Planning Context(Day 1), Team breakouts (Day 1 and 2)
Now is the time for each team to go to their virtual squad room. PI planning is a lot about cross-team communication, resolving cross-team dependencies, and planning together. Here is where the role of the Release Train Engineer (RTE) is critical to encourage people to move between the rooms.
These rooms are with a small group of people, and I recommend everyone shares their videos and microphones. We want people to communicate together.
When it comes to the tools you work, each team has two options: one person shares the screen and updates, or everyone is using the same instrument and contributes at the same time. Both Jira and TFS allow the possibility of seeing the sprint planning for several sprints ahead and the information. I recommend the team boards to stay in your project management tool. Before the PI planning, the RTE sets up the boards, and the teams get familiar with them.
The Program board contains features and risks. I recommend you use a tool like Miro/ Mural/Kendis that is more visual. The Release Train Engineer prepares the program board several days before and debriefs the team on how to use them. The RTE also hands out instructions on how to use the program board and explains it to the groups.
Backup solutions: If your team is not familiar with Miro/ Mural/Kendis, or the costs are high, you can also use One Note. You can create a table that simulates the Program board. The downside of it is that you are less flexible in linking the dependencies.
For the risk board, I recommend using the project management tool. Both Jira and TFS can have the risks item type configured, and you can display the risk matrix. For me, this was a huge step in managing risk at the program level. Some of the risks need top management intervention, and they are used to look at presentations. Tracking them in a tool, seeing their impact, and their probability facilitates enormous resolution during the PI execution.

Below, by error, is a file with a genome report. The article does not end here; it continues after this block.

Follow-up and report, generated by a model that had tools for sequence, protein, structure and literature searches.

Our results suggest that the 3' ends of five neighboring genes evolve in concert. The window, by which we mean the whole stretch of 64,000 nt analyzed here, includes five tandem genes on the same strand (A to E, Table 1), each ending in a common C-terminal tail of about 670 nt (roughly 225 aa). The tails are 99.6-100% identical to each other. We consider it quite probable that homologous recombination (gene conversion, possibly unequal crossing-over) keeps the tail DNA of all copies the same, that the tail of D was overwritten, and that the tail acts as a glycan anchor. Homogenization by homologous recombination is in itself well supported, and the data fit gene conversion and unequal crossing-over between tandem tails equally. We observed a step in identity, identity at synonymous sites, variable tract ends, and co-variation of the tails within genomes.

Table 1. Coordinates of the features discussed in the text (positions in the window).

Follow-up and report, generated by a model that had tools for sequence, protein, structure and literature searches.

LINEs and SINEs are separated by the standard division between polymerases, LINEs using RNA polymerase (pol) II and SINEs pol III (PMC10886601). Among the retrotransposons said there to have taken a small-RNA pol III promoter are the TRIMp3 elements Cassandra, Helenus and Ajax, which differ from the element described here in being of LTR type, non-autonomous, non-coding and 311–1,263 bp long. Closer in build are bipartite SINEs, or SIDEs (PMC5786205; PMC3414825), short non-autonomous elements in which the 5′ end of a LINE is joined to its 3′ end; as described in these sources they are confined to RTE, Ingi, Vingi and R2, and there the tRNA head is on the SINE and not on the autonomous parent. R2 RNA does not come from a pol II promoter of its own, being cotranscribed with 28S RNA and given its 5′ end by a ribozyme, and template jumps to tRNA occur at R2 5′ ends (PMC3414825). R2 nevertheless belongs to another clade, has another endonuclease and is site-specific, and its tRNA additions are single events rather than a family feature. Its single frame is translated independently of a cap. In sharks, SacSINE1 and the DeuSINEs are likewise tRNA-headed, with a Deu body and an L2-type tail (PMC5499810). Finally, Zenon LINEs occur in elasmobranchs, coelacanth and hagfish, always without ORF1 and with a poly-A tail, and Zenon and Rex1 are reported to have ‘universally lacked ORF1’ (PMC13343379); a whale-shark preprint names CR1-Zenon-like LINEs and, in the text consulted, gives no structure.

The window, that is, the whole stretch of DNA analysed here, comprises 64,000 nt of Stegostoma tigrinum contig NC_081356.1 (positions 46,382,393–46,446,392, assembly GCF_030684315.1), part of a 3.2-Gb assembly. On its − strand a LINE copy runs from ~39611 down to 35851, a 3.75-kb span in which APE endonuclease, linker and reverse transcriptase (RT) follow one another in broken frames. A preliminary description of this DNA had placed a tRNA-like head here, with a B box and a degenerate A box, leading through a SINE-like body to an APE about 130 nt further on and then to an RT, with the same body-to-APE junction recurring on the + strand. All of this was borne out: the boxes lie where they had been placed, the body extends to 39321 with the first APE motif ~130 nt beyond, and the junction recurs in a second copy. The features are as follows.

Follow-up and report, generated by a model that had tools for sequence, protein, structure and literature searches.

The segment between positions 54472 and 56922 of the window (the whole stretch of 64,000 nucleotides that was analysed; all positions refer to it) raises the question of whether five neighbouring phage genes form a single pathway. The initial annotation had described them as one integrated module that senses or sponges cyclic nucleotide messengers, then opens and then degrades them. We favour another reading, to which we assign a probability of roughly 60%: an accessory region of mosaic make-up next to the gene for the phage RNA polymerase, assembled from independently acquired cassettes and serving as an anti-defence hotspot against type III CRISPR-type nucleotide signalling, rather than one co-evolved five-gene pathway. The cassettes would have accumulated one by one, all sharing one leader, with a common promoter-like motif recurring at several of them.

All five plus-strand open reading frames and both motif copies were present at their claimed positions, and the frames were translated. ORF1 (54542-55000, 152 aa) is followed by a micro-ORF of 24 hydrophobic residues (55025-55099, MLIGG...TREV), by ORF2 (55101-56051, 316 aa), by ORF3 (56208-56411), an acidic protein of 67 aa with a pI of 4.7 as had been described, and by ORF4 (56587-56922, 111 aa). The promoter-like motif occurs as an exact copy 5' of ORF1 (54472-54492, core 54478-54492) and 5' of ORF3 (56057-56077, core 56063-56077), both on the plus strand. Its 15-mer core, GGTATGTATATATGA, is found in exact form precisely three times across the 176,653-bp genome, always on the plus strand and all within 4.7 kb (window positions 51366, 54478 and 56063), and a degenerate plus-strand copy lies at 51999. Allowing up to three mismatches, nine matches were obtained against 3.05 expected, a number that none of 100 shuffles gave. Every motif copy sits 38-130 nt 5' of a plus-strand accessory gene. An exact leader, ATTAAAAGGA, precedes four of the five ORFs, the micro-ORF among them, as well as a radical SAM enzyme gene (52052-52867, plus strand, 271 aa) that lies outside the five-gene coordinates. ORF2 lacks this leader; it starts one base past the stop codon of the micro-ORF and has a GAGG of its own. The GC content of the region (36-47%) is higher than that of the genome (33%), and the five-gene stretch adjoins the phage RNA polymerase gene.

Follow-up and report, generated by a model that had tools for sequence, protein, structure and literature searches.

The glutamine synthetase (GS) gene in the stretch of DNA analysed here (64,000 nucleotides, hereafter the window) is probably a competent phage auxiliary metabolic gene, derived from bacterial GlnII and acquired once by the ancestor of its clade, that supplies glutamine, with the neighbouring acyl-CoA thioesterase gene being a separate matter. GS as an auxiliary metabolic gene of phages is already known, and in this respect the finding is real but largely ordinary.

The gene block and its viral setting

Draft Plan Review (Day 1), Final Plan Review (day 2), Program Risks, Confidence vote(day 2)
These are the moments when everyone comes together on the main stage, and the main stage rules get in place (microphones and cameras are off). Instead of the physical board, the teams will use the Program board to highlight the features planned, the dependencies, and the risks.
I do recommend that only one person (the Release Train Engineer) shares the screen and give the control one by one to different presenters from each team. It saves a lot of time and hassle to don’t need to switch the presenters. The RTE will make sure the links are known by all the participants in case there are technical issues, and he/she cannot share the screen.
The output of this meeting are topics that need management problem-solving. For the facilitation of the remote collaboration, each issue that must address in the management problem-solving workshop has as assignee the person who’ll represent this topic.
Management Review & Problem Solving.
You are welcome to use the main stage for this purpose. For this meeting, it is imperative the preparation before. I recommend to the RTE to take a 30 minutes break and to prepare for this meeting done remotely, rather than stepping into it as it usually happens when onsite: the RTE make a simple board of topics. Each participant representing a particular topic prepares the impact and the options of each issue to be discussed. There is only one board of the problems. The participants look for solutions to the challenges in the order of importance. For this purpose, I recommend you use Jira and TFS, and you log the actions.
Planning Retrospective and moving forward
The retrospective board can get built as you go during the PI planning but also at the end. Independent of the retrospective format you select, you can use an interactive tool: Miro/ Mural/Kendis — the tools you are familiar with, or ideazboard or funretro.io.
- clear and simple explanations
- the fewer tools the best
- send out the handouts ahead
- be punctual and keep the time
- test the infrastructure with the key participants. The microphone needs to have a clean sound
- involve the participants
- take breaks
- make it collaborative
- share the camera in the small group workshop